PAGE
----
South Buffalo residents are getting strong support from the Common Council in their fight to prevent the new operator of the Hopkins Street recycling facility from turning it into a garbage transfer station.
Council members Tuesday supported Majority Leader Rosemarie LoTempio in directing the city Law Department to find out whether Modern Landfill can obtain a state license that would violate the prior assurances of clean recycling only at 264 Hopkins St.
"The use of this facility as a transfer station is completely unacceptable," LoTempio said. "It runs counter to the original restricted-use permit and flies in the face of recent investments directed at cleaning up former industrial sites in the immediate area."
By their vote, Council members backed Assemblyman Brian Higgins' push to prevent the change. Higgins, D-Buffalo, a former South District Council member, and Mary Martino, the South District Council Member-elect, began the opposition campaign when they learned that Modern was seeking state Department of Environmental Conservation permission to use the recycling plant to shift 500 tons of garbage and solid waste daily.
Higgins pointed out that the original tenant, Integrated Waste Systems, was granted only a restricted-use permit when it won a five-year recycling contract with the city during former Mayor James D. Griffin's administration. Integrated was allowed to build $1.5 million plant to recycle blue box materials.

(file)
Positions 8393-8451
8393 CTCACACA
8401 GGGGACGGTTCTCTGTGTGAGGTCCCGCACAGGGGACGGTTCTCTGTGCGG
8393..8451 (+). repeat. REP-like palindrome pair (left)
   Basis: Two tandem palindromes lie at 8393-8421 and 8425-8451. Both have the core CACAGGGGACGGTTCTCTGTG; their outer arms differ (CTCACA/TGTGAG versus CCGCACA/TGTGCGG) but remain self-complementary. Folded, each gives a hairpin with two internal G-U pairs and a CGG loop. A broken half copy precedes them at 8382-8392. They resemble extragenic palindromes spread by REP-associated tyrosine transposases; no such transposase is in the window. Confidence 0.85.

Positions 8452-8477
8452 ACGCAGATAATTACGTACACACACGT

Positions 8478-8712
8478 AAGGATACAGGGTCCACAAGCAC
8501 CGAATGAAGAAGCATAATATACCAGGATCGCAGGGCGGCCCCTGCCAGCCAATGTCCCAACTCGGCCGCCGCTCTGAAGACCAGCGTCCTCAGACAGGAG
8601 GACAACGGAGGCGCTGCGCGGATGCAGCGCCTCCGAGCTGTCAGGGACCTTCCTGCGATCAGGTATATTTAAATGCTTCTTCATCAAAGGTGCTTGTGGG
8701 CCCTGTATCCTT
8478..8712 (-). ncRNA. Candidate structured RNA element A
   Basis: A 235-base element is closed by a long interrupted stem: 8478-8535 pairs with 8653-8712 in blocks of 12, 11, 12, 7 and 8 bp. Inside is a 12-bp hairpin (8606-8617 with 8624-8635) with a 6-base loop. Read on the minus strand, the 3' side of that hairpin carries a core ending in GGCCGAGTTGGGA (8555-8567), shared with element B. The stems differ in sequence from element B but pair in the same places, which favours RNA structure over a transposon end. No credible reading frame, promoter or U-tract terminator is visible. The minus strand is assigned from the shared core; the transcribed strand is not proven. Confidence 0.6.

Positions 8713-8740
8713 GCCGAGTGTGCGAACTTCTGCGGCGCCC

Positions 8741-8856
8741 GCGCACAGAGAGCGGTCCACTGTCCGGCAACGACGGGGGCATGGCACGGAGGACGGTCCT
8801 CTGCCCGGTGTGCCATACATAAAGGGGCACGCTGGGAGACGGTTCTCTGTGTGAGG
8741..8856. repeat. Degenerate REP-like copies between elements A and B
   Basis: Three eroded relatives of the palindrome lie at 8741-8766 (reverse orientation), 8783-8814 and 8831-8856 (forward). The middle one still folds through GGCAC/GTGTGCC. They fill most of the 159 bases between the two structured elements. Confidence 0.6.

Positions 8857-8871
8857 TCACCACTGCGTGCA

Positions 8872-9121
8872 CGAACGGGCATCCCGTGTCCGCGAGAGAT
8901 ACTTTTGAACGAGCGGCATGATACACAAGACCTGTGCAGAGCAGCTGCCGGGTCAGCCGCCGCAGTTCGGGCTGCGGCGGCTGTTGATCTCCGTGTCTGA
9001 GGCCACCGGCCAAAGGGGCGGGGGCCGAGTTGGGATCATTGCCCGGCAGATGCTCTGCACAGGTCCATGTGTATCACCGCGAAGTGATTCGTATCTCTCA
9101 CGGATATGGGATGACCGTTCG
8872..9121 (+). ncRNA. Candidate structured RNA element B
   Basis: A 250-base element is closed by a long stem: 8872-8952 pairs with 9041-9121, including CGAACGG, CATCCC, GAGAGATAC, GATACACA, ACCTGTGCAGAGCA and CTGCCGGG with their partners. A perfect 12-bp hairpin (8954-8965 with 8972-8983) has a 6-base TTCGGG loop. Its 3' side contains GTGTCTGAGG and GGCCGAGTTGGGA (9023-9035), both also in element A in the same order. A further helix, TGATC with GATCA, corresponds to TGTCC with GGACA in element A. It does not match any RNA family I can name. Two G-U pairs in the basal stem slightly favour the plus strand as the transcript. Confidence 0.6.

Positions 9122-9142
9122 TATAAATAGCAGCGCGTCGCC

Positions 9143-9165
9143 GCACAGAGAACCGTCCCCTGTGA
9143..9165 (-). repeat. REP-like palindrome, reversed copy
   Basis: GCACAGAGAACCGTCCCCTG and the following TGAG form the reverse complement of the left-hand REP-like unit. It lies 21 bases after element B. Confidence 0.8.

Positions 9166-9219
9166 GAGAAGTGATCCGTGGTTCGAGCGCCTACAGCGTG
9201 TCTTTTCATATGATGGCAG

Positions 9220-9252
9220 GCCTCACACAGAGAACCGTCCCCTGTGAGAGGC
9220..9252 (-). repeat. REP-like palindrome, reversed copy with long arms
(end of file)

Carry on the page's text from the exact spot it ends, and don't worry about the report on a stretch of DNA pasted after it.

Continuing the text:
"This Council sought and received assurances at that time that this facility would be used solely for the handling of clean household recyclable materials," LoTempio recalled.
But a series of changes occurred. State officials say Integrated Waste was succeeded by CID, and last year CID changed the state permit to allow transfer of solid waste, although it did not initiate the practice. CID was succeeded by Modern Landfill of Lewiston, which is now applying to do so.
LoTempio questioned whether the permit obtained by CID, without coordination with the city, is valid.
Higgins has the support of fellow Democratic Assemblyman Sam Hoyt, who this week alerted DEC Commissioner Sam Cahill to assurances made to South Buffalo residents by the city Public Works Department before Integrated Waste built the plant. Hoyt also reminded Cahill that the state helped pay to create 90 acres of green space within 200 feet of the recycling station.
Permitting 500 tons of garbage and trash transfer daily will blight the hopes raised so recently by the green space, Hoyt said.